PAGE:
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Review
. 2019 Jun;90:154-160.
doi: 10.1016/j.semcdb.2018.07.022. Epub 2018 Jul 27.

The Three-Dimensional Organization of the Genome in Cellular Senescence and Age-Associated Diseases

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Free PMC article
Review

The Three-Dimensional Organization of the Genome in Cellular Senescence and Age-Associated Diseases

Shane A Evans et al. Semin Cell Dev Biol. .
Free PMC article

Abstract

Recent advances in genomics and imaging technologies have increased our ability to interrogate the 3D conformation of chromosomes and to better understand principles of organization and dynamics, as well as how their alteration can lead to disease. In this review we describe how these technologies have shed new light into the role of the 3D organization of the genome in defining cellular states in aging and age-associated diseases. We compare the genomic organization in cellular senescence and cancer, discuss the role of the lamina in maintaining the structural and functional integrity of the genome, and we highlight the recent findings on how this organization breaks down in disease states.

Keywords: Aging; Cancer; Cytoplasmic DNA; Hi-C; Inflammation; Senescence.

Figures

Figure 1
Figure 1
Example of a Hi-C contact map for a chromosome subregion (left). High intensity indicates the corresponding pair of genomic loci display many contacts between them. Typical features are indicated with colored boxes: a Topologically associated domain (TAD) (black), a loop anchor (blue), contact depleted region between TADs (green). Contact matrices can be used to infer the 3D structure of chromosomes (right).
Figure 2
Figure 2
Schematic of some of the known 3D perturbations which can elicit different disease states. Impaired genome nuclear lamina interaction is associated with cellular senescence as well as causal to laminopathies such as Hutchinson-Gilford progeria syndrome (left). TAD disruption can lead to aberrant gene expression, contributing to hyperproliferation and cancer (center). Progressive telomere shortening can regulate gene expression over long distances, a process called Telomere position effect (TPE), and can lead to pathologies such as Facioscapulohumeral muscular dystrophy (FSHD) through the activation of the DUX4 locus.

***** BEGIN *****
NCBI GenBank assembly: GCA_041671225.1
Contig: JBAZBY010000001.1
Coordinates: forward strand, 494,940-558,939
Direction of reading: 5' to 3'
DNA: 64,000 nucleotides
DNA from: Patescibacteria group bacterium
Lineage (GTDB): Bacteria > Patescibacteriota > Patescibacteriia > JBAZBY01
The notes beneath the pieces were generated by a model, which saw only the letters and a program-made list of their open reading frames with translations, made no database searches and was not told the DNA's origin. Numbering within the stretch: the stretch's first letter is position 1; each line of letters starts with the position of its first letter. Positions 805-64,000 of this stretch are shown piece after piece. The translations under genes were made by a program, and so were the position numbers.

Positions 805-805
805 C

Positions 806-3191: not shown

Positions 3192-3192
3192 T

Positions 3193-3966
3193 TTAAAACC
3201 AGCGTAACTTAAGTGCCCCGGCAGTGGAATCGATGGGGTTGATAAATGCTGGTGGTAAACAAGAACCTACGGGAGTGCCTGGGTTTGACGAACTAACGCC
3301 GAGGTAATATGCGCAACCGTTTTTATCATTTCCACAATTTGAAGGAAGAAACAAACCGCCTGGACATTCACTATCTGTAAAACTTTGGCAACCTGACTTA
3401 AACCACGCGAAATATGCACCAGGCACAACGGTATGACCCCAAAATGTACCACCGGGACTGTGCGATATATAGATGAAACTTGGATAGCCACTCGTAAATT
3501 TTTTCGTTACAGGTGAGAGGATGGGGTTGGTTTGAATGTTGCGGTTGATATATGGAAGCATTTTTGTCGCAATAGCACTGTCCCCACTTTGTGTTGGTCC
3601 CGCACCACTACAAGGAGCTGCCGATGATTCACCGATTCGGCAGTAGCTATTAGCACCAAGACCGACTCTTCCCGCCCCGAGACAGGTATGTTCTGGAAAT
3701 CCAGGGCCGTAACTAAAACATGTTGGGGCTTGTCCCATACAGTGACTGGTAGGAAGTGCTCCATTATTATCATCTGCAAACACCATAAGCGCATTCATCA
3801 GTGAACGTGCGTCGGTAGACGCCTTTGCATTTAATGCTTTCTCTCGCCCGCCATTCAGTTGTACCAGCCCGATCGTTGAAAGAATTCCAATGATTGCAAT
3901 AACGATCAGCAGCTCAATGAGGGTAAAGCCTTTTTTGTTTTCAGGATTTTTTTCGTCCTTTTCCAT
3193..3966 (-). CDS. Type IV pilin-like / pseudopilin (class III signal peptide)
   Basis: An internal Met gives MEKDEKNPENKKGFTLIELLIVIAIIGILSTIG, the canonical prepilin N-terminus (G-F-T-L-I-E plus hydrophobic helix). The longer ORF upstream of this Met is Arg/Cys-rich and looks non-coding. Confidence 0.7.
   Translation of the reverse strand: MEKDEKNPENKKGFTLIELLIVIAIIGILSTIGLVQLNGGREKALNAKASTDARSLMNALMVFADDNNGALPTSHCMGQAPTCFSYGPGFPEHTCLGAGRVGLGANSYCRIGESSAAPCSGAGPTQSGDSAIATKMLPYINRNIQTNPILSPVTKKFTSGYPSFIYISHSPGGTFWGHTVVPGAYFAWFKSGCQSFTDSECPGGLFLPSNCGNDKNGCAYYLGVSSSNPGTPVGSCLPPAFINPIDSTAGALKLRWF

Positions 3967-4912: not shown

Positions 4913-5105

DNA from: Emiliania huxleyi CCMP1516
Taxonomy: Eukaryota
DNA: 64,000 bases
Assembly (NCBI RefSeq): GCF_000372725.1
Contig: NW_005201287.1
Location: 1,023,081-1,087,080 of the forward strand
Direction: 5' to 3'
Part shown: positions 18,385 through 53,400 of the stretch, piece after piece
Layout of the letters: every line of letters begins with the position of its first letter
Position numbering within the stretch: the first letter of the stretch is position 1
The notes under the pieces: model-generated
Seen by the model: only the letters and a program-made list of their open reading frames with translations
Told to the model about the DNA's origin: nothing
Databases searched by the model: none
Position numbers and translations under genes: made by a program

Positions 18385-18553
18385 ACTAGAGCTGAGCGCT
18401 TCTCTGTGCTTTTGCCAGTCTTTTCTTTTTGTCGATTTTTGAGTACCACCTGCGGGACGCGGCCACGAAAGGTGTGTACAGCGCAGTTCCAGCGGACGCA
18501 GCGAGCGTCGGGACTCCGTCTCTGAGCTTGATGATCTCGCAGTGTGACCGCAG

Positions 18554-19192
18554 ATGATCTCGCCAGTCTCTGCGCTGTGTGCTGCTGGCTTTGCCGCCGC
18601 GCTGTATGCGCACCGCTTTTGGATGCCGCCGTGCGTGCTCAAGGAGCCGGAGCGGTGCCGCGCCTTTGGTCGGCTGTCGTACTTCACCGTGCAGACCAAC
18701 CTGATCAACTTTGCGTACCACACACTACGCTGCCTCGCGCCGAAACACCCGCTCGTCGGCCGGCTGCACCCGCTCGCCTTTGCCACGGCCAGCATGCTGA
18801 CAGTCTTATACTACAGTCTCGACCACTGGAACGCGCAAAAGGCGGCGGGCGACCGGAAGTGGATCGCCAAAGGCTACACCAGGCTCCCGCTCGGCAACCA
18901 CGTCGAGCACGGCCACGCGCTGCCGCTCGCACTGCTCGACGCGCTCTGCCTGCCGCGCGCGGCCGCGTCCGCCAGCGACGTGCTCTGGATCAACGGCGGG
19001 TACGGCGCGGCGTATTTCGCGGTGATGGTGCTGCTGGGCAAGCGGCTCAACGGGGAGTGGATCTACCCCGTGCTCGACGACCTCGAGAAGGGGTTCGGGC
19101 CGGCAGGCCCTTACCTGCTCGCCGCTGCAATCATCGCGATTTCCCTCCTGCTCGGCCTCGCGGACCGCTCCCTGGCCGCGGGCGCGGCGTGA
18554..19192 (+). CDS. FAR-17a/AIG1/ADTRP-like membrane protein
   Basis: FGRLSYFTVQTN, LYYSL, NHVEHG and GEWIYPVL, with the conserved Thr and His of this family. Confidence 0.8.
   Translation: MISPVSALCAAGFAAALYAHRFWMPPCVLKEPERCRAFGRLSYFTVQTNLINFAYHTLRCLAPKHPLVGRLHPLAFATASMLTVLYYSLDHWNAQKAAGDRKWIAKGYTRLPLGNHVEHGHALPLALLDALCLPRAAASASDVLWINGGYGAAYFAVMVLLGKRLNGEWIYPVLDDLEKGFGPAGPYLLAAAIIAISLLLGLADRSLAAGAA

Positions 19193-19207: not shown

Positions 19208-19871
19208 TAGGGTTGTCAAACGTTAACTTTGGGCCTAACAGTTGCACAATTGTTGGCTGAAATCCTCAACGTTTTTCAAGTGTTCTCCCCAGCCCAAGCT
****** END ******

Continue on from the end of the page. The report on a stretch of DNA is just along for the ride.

Figure 3
Figure 3
Nuclear dysmorphism and cytosolic DNA in cancer and senescent cells are precursors to inflammation. Nuclei from cancer and senescent cells share common aberrant nuclear structural properties such as nuclear envelope distensions (blebs) and altered lamin expression. In the cancer nucleus, nuclear blebbing and micronuclei are formed due to genotoxic stresses, lamin A/C (red) or lamin B (blue) dysregulation, and excessive force of perinuclear structural proteins (neon blue). In senescent cells the 3D genome changes represented by dissociation of chromatin (grey) from regions of the nuclear lamina. Lamin B1 (blue) is targeted for degradation with its associated DNA (grey) and is extruded into the cytosol via LC3II (yellow). Detection of aberrant DNA species in the cytosol of cancer and senescent cells by cGAS-STING, propagates a pro-inflammatory type I interferon response.

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